A study released in 2008 entitled “Outpatient Therapy Alternatives; Payment Study 2” analyzed 2006 calendar year data. It was a lengthy 35 page report and was helpful in gaining perspective on why policymakers may have felt the pain of the process and why it was worth continuing. To cut to the chase, go to pages 28 – 30 as those reveal the most vulnerable populations. Mostly, the silver lining seems to be recommendations waiting for a simplified payment alternative suggested from the 5 year study that included use of the OP CARE Tool. The study references this as ‘alternative condition-based payment system for outpatient therapy services’. In the meantime, CAPs keep resurfacing because they are purely more simple to extend present status than to leap a little further.
As we do the present process which mandates an exception process and whether it is pre-paid or post paid depending on your location; one thing is painfully evident to me. CAPs have an administrative cost and burden that is being suffered at both ends. The highest cost might be the confusion of the already vulnerable aged populations highlighted in the 2008 study. Any of them reading the ‘Limits on Therapy Services’ would surely be confused. On page two, it asks the beneficiary to ‘document your need for medically reasonable and necessary services in your medical record’. I didn’t realize clinicians provided patients with their records for them to document in themselves. They even suggest that they ‘indicate on their Medicare claim for services above the therapy cap limit that your therapy services are medically reasonable and necessary’. I am not making this up. Next, we send them to the billing departments for attestation statements to be attached to the bill. (Crazy conjecture but that is what the revised educational document suggests!)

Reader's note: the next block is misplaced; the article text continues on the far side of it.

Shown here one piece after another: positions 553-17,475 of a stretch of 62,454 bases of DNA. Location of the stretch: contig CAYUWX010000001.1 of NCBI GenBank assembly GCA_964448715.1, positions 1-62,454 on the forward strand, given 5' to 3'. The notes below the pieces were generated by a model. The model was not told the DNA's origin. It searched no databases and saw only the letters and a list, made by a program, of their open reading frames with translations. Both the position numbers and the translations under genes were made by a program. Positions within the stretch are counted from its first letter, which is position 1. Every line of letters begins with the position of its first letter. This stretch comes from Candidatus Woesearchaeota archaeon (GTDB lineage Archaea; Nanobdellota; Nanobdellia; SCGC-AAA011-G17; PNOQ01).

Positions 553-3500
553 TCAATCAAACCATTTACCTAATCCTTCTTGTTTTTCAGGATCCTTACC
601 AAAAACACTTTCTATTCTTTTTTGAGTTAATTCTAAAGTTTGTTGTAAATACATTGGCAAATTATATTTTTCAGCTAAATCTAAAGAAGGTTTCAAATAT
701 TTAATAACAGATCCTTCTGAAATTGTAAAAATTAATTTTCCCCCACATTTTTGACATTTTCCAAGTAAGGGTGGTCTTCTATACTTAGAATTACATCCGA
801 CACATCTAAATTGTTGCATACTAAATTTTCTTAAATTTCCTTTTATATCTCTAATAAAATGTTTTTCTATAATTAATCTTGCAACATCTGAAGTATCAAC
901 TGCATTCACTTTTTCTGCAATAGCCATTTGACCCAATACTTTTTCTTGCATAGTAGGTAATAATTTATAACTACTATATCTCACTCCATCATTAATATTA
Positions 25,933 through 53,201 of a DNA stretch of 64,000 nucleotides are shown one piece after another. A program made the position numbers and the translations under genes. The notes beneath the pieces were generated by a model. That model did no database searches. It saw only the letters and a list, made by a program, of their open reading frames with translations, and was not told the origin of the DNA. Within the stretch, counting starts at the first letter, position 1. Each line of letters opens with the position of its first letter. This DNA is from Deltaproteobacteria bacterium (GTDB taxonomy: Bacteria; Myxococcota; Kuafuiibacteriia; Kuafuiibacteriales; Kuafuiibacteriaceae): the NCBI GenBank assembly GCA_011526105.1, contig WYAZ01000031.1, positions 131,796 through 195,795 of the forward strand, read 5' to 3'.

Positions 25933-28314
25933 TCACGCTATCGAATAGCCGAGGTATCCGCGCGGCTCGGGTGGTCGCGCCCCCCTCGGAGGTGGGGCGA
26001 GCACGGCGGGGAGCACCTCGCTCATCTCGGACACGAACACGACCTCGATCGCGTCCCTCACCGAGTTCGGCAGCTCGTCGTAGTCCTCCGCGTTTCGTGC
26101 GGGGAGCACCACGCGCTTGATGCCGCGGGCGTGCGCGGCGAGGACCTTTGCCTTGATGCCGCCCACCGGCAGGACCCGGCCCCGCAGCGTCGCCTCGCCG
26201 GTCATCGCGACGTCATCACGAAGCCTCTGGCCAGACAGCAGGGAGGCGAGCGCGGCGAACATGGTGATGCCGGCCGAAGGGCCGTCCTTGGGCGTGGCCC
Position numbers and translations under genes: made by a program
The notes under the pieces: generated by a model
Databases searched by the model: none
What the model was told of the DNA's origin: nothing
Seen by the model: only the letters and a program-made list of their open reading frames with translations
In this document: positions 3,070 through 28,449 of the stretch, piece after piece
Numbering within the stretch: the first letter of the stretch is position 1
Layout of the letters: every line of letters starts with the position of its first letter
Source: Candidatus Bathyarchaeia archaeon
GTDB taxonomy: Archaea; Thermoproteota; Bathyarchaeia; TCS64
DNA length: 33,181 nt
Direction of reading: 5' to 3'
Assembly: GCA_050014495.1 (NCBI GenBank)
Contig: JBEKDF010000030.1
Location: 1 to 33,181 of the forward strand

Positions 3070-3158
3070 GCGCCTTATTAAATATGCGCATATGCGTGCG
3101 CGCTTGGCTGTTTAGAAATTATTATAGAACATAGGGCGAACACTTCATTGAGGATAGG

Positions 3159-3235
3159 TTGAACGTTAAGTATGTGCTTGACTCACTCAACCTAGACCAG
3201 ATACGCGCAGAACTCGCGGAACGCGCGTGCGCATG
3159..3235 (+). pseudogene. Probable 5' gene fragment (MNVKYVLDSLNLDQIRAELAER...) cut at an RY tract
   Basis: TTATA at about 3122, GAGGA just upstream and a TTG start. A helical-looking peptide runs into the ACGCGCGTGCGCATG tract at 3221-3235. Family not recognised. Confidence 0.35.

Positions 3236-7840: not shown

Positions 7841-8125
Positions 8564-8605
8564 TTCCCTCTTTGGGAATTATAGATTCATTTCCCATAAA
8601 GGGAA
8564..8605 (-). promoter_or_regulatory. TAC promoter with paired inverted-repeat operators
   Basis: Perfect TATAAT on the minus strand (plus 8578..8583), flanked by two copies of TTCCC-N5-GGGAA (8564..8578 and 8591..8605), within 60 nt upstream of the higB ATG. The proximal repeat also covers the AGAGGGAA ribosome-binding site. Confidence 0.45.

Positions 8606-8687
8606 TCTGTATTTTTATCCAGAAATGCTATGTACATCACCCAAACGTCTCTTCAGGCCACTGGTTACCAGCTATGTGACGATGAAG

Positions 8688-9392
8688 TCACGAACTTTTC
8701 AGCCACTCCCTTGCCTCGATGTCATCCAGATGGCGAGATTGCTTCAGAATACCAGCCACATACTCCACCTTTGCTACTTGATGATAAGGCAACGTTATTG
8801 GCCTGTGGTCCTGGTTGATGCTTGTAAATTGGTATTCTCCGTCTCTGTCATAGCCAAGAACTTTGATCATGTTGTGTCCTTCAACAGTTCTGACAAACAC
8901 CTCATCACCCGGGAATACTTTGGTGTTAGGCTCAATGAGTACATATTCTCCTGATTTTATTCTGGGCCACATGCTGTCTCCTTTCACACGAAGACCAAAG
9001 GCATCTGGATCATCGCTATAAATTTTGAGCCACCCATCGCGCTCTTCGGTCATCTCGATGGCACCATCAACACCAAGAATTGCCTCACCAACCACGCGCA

The REAL COST of CAPs:
- Most vulnerable diagnoses and age populations require services at times that are above the CAP limit – any exceptions process that isn’t AUTOMATIC based on some reasonable conditions is EXPENSIVE to understand and navigate.
- Tracking limits whether alone (OT) or combined (PT & SLP) is difficult. The time to specifically pinpoint the line of service and all subsequent lines thereafter to utilize the modifier is most often a best guess.
- Providers feel ‘at risk’ when offering services above the CAP even when needed because they cannot provide an ABN unless they are NOT medically necessary services – this is tough because ‘who decides that ultimately’?
- Exceptions process is too lengthy to keep the beneficiaries’ best interest in mind.
- Correct coding; billing, rebilling and sending documentation for review to contractors all comes at a cost.
- Secretarial and professional administrative cost.
- Congressional costs associated with reimplementation/education and the human hours of conssituents and providers arguing ineffectiveness as a full sweeping policy.
- Whatever the perceived ‘real costs’, these add insult to injury for a great number of providers appropriately delegating care.
Use data to data mine infractions and penalize those inappropriately billing rather than an entire nation. Put a CAP to the CAPs process that has tried to successfully manage costs since 1972 and supposedly hasn’t worked definitively yet! Let’s move on – even silver cap guns have been outlawed since 1972!